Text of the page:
Summit Will Reveal the Confession of Houdini’s Dangerous Mind

Summit options The Secret Life of Houdini

It’s no secret that I’m obsessed with Harry Houdini. He’s an enigmatic figure, a rational thinker who disposed of frauds and phonies, and a damned cool magician. In fact, I was so obsessed growing up that I once handcuffed myself in attempt to emulate my hero. To this day, my hands are still handcuffed behind my back.

So obviously I was pretty stoked when we got a press release claiming that Summit, who seems to be moving up in the world quite nicely, optioned “The Secret Life of Houdini: The Making of America’s First Superhero.” The biography itself came out in 2006 and went straight to my bookshelf alongside a healthy dose of controversy – or at least as much as there can be in the small world of Houdini fans – because it claimed that Houdini had been a spy for England and supposed that his death was a conspiracy between spiritualists that he had exposed as frauds.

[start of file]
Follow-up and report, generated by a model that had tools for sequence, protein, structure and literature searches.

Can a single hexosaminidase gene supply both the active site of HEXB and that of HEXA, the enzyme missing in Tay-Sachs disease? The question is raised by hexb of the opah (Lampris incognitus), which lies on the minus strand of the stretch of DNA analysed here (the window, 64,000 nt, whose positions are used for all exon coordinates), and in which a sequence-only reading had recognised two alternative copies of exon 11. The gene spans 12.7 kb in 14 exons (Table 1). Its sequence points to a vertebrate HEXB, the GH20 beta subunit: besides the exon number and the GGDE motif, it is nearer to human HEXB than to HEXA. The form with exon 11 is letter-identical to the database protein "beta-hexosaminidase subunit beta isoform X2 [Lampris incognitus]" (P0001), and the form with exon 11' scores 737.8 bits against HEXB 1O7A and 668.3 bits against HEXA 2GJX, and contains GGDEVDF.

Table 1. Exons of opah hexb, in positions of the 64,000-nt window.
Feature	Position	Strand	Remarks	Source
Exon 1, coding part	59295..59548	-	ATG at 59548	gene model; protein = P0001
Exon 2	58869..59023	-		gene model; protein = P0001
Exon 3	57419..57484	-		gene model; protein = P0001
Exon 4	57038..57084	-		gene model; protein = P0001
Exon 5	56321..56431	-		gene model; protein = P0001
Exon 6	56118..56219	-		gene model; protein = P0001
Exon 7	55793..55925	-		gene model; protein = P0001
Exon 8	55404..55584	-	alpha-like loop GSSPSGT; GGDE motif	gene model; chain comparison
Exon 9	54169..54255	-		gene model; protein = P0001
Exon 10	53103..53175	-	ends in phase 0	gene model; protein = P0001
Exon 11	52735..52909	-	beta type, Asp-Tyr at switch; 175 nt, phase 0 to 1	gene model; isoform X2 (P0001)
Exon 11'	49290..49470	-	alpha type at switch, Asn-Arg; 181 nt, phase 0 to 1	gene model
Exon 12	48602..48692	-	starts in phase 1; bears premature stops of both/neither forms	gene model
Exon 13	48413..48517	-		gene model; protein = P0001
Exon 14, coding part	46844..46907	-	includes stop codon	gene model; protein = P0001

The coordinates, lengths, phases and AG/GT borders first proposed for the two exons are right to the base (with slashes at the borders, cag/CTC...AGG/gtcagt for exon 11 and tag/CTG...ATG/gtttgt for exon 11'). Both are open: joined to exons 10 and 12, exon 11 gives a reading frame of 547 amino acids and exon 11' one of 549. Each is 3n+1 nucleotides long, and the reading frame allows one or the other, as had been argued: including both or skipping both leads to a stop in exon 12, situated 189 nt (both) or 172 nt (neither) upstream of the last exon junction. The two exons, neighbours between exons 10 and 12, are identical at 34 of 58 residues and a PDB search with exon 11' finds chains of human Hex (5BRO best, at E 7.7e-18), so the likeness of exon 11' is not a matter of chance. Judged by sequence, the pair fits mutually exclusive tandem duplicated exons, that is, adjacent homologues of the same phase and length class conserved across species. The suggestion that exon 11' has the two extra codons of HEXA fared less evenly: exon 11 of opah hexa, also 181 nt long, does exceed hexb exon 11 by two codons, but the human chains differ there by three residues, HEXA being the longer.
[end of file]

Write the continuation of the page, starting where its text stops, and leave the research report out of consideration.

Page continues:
However, the company is seeking to create a fictional adventure-seeker, not to paint a portrait of the actual Houdini – a fact that requires me to mention that, no, Brendan Fraser does not look anything like Harry Houdini. I realize he’s available for the part, but no. Just no.

Part of me wishes that this could go in a similar direction that Confessions of a Dangerous Mind went. An iconic figure leading a secret life as a spy, a view into both worlds as they come crashing down, effecting the man until he either breaks free from the situation or it leads to his downfall. Part of me wishes this, but most of my knows that Summit will create something more family-friendly that will be the basis for The Houdini Adventure: Part 5 coming out in 2014.

But it’s still very cool to bring such an intriguing historical figure to the big screen. It’s a great book to adapt from, even if “Carter Beats the Devil” would make a far better flick.

What do you think? Who would you cast as Houdini?

A veteran of writing about movies for nearly a decade, Scott Beggs has been the Managing Editor of Film School Rejects since 2009. Despite speculation, he is not actually Walter Mathau's grandson. See? He can't even spell his name right.

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